17. The Scientologist who wouldn’t fly: The rise and fall of insurance mogul Richie Acunto

18. Jamie DeWolf: I’ve found the last memoir of the son of Scientology’s founder

19. Scientology says it’s received $5.7 million from Google in advertising grants

20. L. Ron Hubbard explains to a friend the real reason he wrote ‘Dianetics’


Best of the Bunker, 2013


1. How Scientology coerced a child to have an abortion: The Laura DeCrescenzo files

2. Breaking the news that Leah Remini had left Scientology (July 8, 2013) And follow-up with Leah’s sister Nicole

3. Monique Rathbun files suit against Scientology over harassment

4. PZ Myers helps us plunder the riches of L. Ron Hubbard’s book of Scientology evolution!

5. LEAKED: Scripts spell out how Scientology directs the unsuspecting to its rehab network

6. The history of Scientology’s weird vaults — the bizarre ‘Battlefield Earth’ connection!

7. SCIENTOLOGY’S PRIVATE DANCER: A story of seduction, intervention, and betrayal

8. LIVE OVER CLEARWATER: Watching Scientology from an Eye in the Sky

9. Will Smith-backed school that used Scientology materials closes its doors

10. Did the Headleys and their lawsuit torpedo the FBI investigation of Scientology?

11. Leah Remini files missing-person report on Scientology leader’s wife

12. Blogging Dianetics: Vance Woodward helps us parse L. Ron Hubbard’s masterpiece (series)

13. Lawrence Wright’s Going Clear: We don’t think Scientology is going to like this book much

14. Document leak: Scientology sexual histories

15. Jenna Miscavige Hill on her uncle, Scientology’s leader: A bully too afraid to show his face

16. Today you begin your training as a Scientologist

17. Former Scientology enforcer Marty Rathbun examines his past as the church’s ‘warrior’

18. SCIENTOLOGISTS AT WAR, the Channel 4 documentary (and what was left out)

19. In his new book, is Neil Gaiman exorcising his Scientology past?

20. Mary Sue Hubbard’s last will fulfilled: Her dog bereft of life, it’s time to sell her house!

Best of the Bunker, 2012


1. Scientology’s master spies

2. ‘Tom Cruise worships David Miscavige like a god’: A Scientology insider, John Brousseau, gives first full-length interview to the Voice (Part 1, Part 2)

3. Scientology abandoned by L. Ron Hubbard’s granddaughter and David Miscavige’s father

4. Scientology’s secret vaults: A rare interview With a former member of hush-hush ‘CST’

5. SCIENTOLOGY CRUMBLING: An entire church mission defects as David Miscavige faces leadership crisis

6. How Scientology spied on Tom Cruise

7. Scientology: Secrets of the Super Power Building (Part 1, Part 2, Part 3, Part 4)

8. Scientology’s homophobia: Even the church’s token gay guy was disgusted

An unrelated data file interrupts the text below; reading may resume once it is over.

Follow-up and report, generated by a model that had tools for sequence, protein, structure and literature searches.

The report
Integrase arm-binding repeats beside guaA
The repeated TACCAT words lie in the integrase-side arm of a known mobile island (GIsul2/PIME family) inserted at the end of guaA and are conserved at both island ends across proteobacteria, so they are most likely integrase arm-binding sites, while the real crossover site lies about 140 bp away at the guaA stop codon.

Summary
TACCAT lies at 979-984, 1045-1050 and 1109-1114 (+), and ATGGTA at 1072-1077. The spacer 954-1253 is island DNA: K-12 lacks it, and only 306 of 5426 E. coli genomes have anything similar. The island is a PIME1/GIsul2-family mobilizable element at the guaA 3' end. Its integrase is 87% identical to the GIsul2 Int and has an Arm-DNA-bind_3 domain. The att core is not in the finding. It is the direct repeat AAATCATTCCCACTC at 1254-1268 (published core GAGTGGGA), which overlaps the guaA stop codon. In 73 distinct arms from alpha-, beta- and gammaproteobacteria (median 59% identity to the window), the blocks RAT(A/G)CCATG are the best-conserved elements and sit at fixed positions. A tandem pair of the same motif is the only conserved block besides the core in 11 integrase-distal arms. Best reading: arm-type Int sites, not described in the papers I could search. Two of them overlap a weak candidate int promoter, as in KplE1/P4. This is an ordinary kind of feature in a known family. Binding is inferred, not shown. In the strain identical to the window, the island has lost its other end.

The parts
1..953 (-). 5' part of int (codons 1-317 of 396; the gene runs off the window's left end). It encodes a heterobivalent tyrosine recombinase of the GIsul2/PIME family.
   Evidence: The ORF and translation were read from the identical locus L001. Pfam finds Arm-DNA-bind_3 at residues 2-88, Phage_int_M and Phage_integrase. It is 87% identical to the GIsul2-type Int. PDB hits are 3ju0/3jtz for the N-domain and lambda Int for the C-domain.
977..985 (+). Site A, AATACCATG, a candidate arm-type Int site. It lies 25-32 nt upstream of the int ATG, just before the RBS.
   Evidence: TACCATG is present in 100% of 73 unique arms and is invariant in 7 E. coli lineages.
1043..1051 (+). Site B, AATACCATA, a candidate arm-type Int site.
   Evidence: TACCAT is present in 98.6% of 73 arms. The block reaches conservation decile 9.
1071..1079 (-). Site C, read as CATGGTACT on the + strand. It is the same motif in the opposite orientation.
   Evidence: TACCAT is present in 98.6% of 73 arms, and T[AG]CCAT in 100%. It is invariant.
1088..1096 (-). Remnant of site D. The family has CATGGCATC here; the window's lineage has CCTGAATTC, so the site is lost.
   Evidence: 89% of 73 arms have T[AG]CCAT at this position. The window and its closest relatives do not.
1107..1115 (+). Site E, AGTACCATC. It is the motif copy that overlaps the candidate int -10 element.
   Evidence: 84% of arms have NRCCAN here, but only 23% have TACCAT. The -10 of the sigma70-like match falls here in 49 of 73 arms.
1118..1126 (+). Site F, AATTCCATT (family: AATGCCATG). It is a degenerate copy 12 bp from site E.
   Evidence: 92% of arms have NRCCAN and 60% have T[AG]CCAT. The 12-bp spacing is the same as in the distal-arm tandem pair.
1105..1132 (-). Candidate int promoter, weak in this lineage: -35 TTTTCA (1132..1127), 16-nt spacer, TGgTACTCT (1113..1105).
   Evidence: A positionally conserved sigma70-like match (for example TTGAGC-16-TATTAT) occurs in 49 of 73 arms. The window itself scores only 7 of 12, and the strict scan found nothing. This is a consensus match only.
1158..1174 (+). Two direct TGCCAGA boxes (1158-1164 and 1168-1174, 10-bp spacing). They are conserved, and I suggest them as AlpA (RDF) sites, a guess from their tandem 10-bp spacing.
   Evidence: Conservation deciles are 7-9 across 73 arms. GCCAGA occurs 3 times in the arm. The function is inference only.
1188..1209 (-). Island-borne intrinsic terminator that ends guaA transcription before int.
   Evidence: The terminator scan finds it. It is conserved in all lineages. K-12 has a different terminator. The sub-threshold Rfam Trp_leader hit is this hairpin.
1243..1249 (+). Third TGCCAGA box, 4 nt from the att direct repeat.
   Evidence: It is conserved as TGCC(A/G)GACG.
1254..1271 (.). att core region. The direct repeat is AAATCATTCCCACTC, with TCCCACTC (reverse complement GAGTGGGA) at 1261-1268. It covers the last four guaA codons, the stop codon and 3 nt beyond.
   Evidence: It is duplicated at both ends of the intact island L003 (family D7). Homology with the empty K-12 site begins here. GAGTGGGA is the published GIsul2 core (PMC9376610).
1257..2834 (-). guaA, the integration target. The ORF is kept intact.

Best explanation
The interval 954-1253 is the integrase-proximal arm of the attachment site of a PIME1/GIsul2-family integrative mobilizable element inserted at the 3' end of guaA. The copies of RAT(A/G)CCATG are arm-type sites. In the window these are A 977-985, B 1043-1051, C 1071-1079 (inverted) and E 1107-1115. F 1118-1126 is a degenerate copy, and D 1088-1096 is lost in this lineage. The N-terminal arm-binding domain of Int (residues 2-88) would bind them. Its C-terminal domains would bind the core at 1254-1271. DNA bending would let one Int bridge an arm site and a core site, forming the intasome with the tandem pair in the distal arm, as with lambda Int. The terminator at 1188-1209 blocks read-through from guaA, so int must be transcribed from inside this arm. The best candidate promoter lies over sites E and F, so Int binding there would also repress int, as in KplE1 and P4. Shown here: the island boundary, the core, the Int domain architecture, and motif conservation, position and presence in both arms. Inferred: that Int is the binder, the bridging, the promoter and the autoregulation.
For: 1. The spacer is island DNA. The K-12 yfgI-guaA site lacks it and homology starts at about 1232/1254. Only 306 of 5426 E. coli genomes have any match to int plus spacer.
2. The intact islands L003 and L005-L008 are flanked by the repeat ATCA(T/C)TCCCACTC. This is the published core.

9. Scientology’s Writers of the Future Contest: Troubling ties to abuse in the church

10. Kate Bornstein’s amazing voyage

11. Scientology, deep in the heart of Texas: The Voice at the Debbie Cook hearing

12. Death of a Scientologist: Why Annie Broeker, Famous in the Church, Had to Die in Secret

13. Scientology and the occult: Hugh Urban’s new exploration of L. Ron Hubbard and Aleister Crowley

14. VIDEO: Proof that L. Ron Hubbard was the most awesome human being ever

15. Scientology, ‘disconnection,’ and homophobia: Derek Bloch’s story

16. Why do Scientologists accept the Xenu story?

17. Scientology’s concentration camp for its executives: The prisoners, past and present

18. The Strange Death of Flo Barnett, Mother-in-Law to Scientology Leader David Miscavige

19. Scientology in turmoil: Debbie Cook’s email, annotated

20. Scientology Spokeswoman Who Disconnected From Her Father Criticizes Scientology Victim Who Didn’t

A Sample of earlier stories, 1995 – 2011



Scientology’s Cruise Ship as Prison: The Voice Interviews Valeska Paris

1. L. Ron Hubbard | 2. David Miscavige | 3. Marty Rathbun | 4. Tom Cruise | 5. Joe Childs and Tom Tobin | 6. Anonymous | 7. Mark Bunker | 8. Mike Rinder | 9. Jason Beghe | 10. Lisa McPherson | 11. Nick Xenophon | 12. Tommy Davis | 13. Janet Reitman | 14. Tory Christman | 15. Andreas Heldal-Lund | 16. Marc and Claire Headley | 17. Jefferson Hawkins | 18. Amy Scobee | 19. The Squirrel Busters | 20. Trey Parker and Matt Stone | 21. Kendrick Moxon | 22. Jamie DeWolf | 23. Ken Dandar | 24. Dave Touretzky | 25. Xenu

Scientology in The New Yorker: Lawrence Wright Buries L. Ron Hubbard For Good

Tommy Davis, Scientology Spokesman, Secretly Recorded Discussing ‘Disconnection’

Scientology’s Enemies List: Are You On It?

Inside Scientology’s Labor Camp That Benefits Tom Cruise: The Photos

Daniel Montalvo Hits Scientology With Stunning Child Labor Lawsuits

‘Inside Scientology’ Promises a Lot, And Delivers: David Miscavige Has Much to Worry About

Scientology Targeted South Park’s Parker and Stone in Investigation

Melissa Paris, Valeska’s Sister, And Her Own Ordeal in Scientology’s Cadet and Sea Orgs: Forced to Marry at 16

Scientology in Israel: Arson, Attempted Murder, Foreclosure, General Paranoia — And a Visit by the Voice!

Scientology Hates Clean Ice: The “Fair Game” Operation That Should Turn Your Stomach

Scientology Never Forgets: A Telemarketing Holiday Miracle

LinkScientologists: How Many Of Them Are There, Anyway?

When Scientologists Attack! (First coverage of the Squirrel Busters in Texas)

More Scientology Hip Hop, Yo: The Curious Career of Chill EB

Milton Katselas Pleads With Scientology After Grant Cardone’s Attack: A Church Jihad?

Scientology Cruise Ship as Hellhole: The Ramana Dienes-Browning Story

Scientology and the Nation of Islam: A Heartwarming Independence Weekend Parable



Another Ex-Scientologist Publishes Damning Tell-All (‘Counterfeit Dreams’ by Jefferson Hawkins)

Scientology “Dark Ops” Program Exposed, Says Former Top Official

Daniel Montalvo, 19, Leaves Scientology, Which Convinces LA Sheriff to Jail Him For It

Aaron Saxton, Scientology Enforcer, Stops By For a Chat



‘Crash’ Director Paul Haggis Ditches Scientology

Tom Cruise Told Me to Talk to a Bottle’: Life at Scientology’s Secret Headquarters (Marc Headley’s book ‘Blown for Good’)

Scientology’s Leader a Sadistic Slapper, Say Top-Level Defectors: St. Pete Times

Scientology Gets Its Ass Kicked In the Desert



Scientology’s Crushing Defeat (The Larry Wollersheim story)

Scientology’s First Celebrity Defector Reveals Church Secrets

Jason Beghe Turned Away at NY Scientology Building

What to Get L. Ron Hubbard for his Birthday

Nightline Swings at Scientology, Misses

Isaac Hayes Was No Expert Scientologist



Sympathy for the Devil (The Tory Christman story, written for New Times Los Angeles)



John Travolta won’t talk to The Finger (Written as “The Finger” for New Times Los Angeles)



Double Crossed (The Graham Berry story)

Picket Fencing (The Jeff Jacobsen story)



Hush, Hush, Sweet Charlatans (The Rick Ross story)